Lame: Registering a fake blog under the name of a real marketing company.
Lamer: Allowing “Cousin Pete” to come within 50 yards of a video camera.
5. eBay ‘Windorphins’
No, they’re not anti-depressants. eBay’s marketing geniuses dreamed up some blobby little cartoon characters to promote the site and the “endorphin” rush you get when you “win” an eBay auction (“win-dorphin,” get it?).
Per the original press release of July 2007:
“We’ve all experienced that feeling you can only get on eBay–you know, the excited rush you get when you win that item you really wanted at a great price? … Well, we’ve had a scientific breakthrough! According to our official scientists–after a lot of arduous, painstaking research–it can be linked to a phenomenon called ‘Windorphins.'”
eBay set up a Web site where you could create your own Windorphins, and spent millions on billboards, magazine ads, and TV spots promoting them. One billboard ad proclaimed, “Windorphins are like a ticker tape parade for your soul.” A more accurate description came from the blogger who called them “happy, animated hemorrhoids.” eBay quietly dropped the campaign a few months later in favor of one titled “Shop Victoriously.” Ugh. As for the Windorphins: Now they’re just plain orphans.
Lame: Hitting the perfect balance between confusing your audience and nauseating them.
Lamer: Strong-arming a journalist at The Motley Fool into turning over the windorphins.com domain, only to abandon it less than a year later.
4. Wal-Marting Across America
They were Jim and Laura, two average Americans who hit the road in their RV (dubbed “Wally 1”), parking overnight at Wal-Marts around the country and blogging about the fine folks they met along the way. Sounds downright homey, don’t it?
But the relentlessly upbeat entries about how everyone just loved working for Wal-Mart set off alarms in the blogosphere, and before long the blog was exposed as a fake. Though Jim and Laura were real, the trip was paid for by Wal-Mart and engineered by its PR firm, Edelman. Once people connected the dots, the blogosphere erupted, splattering both Wal-Mart and Edelman with mud and spawning yet another Web 2.0 neologism–the “flog,” or fake blog.
Edelman, which helped write the ethics guidelines for the Word of Mouth Marketing Association but apparently forgot to read them, later admitted to creating two more flogs for Wal-Mart.
Lame: Treating the blogosphere the same way Wal-Mart treats mom-and-pop shops.
Lamer: Spending your vacation in a Wal-Mart parking lot.
3. Jawbone Films
Foul-mouthed racists, homicidal laundry employees, a shark-infested swimming pool, mauled teenagers, and Russian mobsters drowned in their own borscht. The latest Tarantino/Rodriguez gorefest? No, it’s a collection of viral videos created to promote Aliph’s Jawbone Bluetooth headsets. The idea: Despite what’s going on around you (murder, mayhem, sloppy kissing between male rugby players), you can drown it all out using the Jawbone’s new “NoiseAssassin” technology. Nice.
In the worst of the four videos, a racist jerk enters a Chinese laundry, insults everyone, and gets smothered with a dry-cleaning bag and beaten to death by the employees–while an oblivious bystander enjoys a crystal-clear cell call.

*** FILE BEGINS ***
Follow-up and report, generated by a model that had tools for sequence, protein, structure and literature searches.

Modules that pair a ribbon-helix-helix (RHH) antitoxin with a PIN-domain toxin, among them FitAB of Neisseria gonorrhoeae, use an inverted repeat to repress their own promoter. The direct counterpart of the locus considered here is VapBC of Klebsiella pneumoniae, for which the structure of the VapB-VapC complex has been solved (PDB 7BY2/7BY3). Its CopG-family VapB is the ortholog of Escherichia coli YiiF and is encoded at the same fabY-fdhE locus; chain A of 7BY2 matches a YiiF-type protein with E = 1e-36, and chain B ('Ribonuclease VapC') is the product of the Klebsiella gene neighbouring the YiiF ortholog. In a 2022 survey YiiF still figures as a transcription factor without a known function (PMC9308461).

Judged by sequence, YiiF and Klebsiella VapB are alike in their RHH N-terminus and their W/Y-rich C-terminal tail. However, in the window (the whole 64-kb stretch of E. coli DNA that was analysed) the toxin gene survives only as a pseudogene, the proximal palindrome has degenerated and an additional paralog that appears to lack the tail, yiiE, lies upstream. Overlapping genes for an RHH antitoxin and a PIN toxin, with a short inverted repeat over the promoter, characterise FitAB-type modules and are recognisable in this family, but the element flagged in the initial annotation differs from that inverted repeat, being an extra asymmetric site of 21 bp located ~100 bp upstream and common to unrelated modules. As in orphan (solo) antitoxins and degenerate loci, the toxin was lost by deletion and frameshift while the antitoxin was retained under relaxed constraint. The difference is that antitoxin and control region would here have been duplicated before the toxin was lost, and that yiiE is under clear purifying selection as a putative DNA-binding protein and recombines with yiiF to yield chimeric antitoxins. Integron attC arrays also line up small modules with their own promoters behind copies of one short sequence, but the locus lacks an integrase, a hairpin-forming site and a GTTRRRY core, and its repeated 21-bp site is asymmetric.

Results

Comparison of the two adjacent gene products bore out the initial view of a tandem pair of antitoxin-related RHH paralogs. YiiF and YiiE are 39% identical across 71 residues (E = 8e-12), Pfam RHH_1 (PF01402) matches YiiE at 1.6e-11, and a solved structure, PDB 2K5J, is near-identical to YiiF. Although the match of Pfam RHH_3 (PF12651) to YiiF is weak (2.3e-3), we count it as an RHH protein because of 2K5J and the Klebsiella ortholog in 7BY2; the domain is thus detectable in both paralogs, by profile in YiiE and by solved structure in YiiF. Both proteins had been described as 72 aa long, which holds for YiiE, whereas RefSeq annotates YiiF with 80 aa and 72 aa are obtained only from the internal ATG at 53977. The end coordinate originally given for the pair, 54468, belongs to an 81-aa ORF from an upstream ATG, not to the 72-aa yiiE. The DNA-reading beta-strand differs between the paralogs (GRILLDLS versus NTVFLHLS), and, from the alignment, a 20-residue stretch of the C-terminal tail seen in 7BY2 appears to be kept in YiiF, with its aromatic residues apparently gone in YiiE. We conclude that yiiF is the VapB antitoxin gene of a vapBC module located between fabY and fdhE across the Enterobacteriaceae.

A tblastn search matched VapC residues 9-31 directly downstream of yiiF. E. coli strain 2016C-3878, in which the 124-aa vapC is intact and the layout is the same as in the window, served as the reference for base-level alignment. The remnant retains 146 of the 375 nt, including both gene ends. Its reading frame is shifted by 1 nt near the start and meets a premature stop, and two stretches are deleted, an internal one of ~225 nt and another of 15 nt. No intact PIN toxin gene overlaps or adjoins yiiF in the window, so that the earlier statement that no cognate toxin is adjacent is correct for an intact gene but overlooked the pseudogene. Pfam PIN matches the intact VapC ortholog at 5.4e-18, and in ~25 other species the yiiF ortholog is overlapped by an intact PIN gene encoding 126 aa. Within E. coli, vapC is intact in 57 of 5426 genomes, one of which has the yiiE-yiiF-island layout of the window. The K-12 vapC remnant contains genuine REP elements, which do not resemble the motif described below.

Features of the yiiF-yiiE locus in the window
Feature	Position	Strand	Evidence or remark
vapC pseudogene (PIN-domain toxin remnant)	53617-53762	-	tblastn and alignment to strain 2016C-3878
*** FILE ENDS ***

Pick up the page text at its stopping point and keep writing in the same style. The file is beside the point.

“I don’t have virgin ears and I’ve dropped an f-bomb or two in my life,” notes Patrick Byers, CEO of Outsource Marketing and purveyor of The Responsible Marketing Blog. “But this video is incredibly insensitive, offensive and violent. The Jawbone brand is creating buzz all on its own. They didn’t need to resort to exploitative or offensive virals.”
Lame: Calling your new technology “NoiseAssassin.” Are all your customers 14 years old?
Lamer: Marketing something that makes you look like Lt. Uhura from Star Trek, only less hot.
2. Aqua Teen Hunger Force and ‘The Bomb’
How do you promote a cartoon starring anthropomorphic versions of fast food? The creators behind the Adult Swim show Aqua Teen Hunger Force thought it would be a neat idea to attach hundreds of small billboards styled like Lite-Brite glowing toys to buildings, bridges, and underpasses in cities across the country. But when the Boston police mistook the battery-operated signs for terrorist bombs in January 2007, all hell broke loose. The city shut down highways and parts of the Charles River for several hours. The masterminds behind the signs, Peter Berdovsky and Sean Stevens, were arrested, and Turner Broadcasting System had to pay $2 million to clean up the mess. (Berdovsky and Stevens were eventually sentenced to community service.)
But this viral-marketing disaster may have actually helped the show’s image, says Barak Kassar, group creative director of full-service marketing firm Rassak Experience.
“Adult Swim’s young male audience relish anti-establishment cartoons and likely relished the news footage (which they probably watched on YouTube) of the ‘busted’ yet unrepentant gonzo marketers who were contracted by the network,” says Kassar.
Of the dozen major cities where the signs were placed, only Beantown mistook a marketing gimmick for a terrorist plot. But after all, said Massachusetts attorney general Martha Coakley, “It had a very sinister appearance. It had a battery behind it, and wires.”
Lame: Boston authorities, who insisted on prosecuting the ATHF team for planting “hoax devices” long after their real purpose was revealed.
Lamer: Aqua Teen Hunger Force: The Movie.
And the winner is:
1. Microsoft Vista’s ‘Wow’
It was a marriage made in marketing hell: a lame product with an even worse catchphrase. Yet “The Wow starts now” was only the beginning of Microsoft’s desperate effort to drum up enthusiasm for Vista, its years-late-and-many-dollars-short operating system.
The campaign hit rock bottom with the Web site that Microsoft created for Vista fans to display their “Wow” moments. By having users upload photos and video clips to ShowUsYourWow.com, Microsoft hoped to show off Vista’s nifty Aero interface. Unfortunately, Aero was too processor-intensive to run on many machines, leading to a class action lawsuit over the “Vista Capable” stickers used to promote the OS on underpowered systems.
“In 1994 we represented CompuServe, which had a product called ‘Wow’ with a slogan ‘Bring the Wow into your life,'” notes Richard Laermer, principal of RLM PR and author of 2011: Trendspotting for the Next Decade. “Twelve years later, Microsoft’s doing it. Using ‘Wow’ is like sleeping on the job. Whoever came up with that campaign for Microsoft should be shot.”
Our favorite ShowUs moment: a video of Claudio, a bone-thin topless transvestite in a blonde wig, shaking his booty and lip-syncing to Shakira’s “Hips Don’t Lie.” Wow.
Lame: Building a marketing campaign around a catchphrase that was tired back in 1994.
Lamer: Windows Vista itself.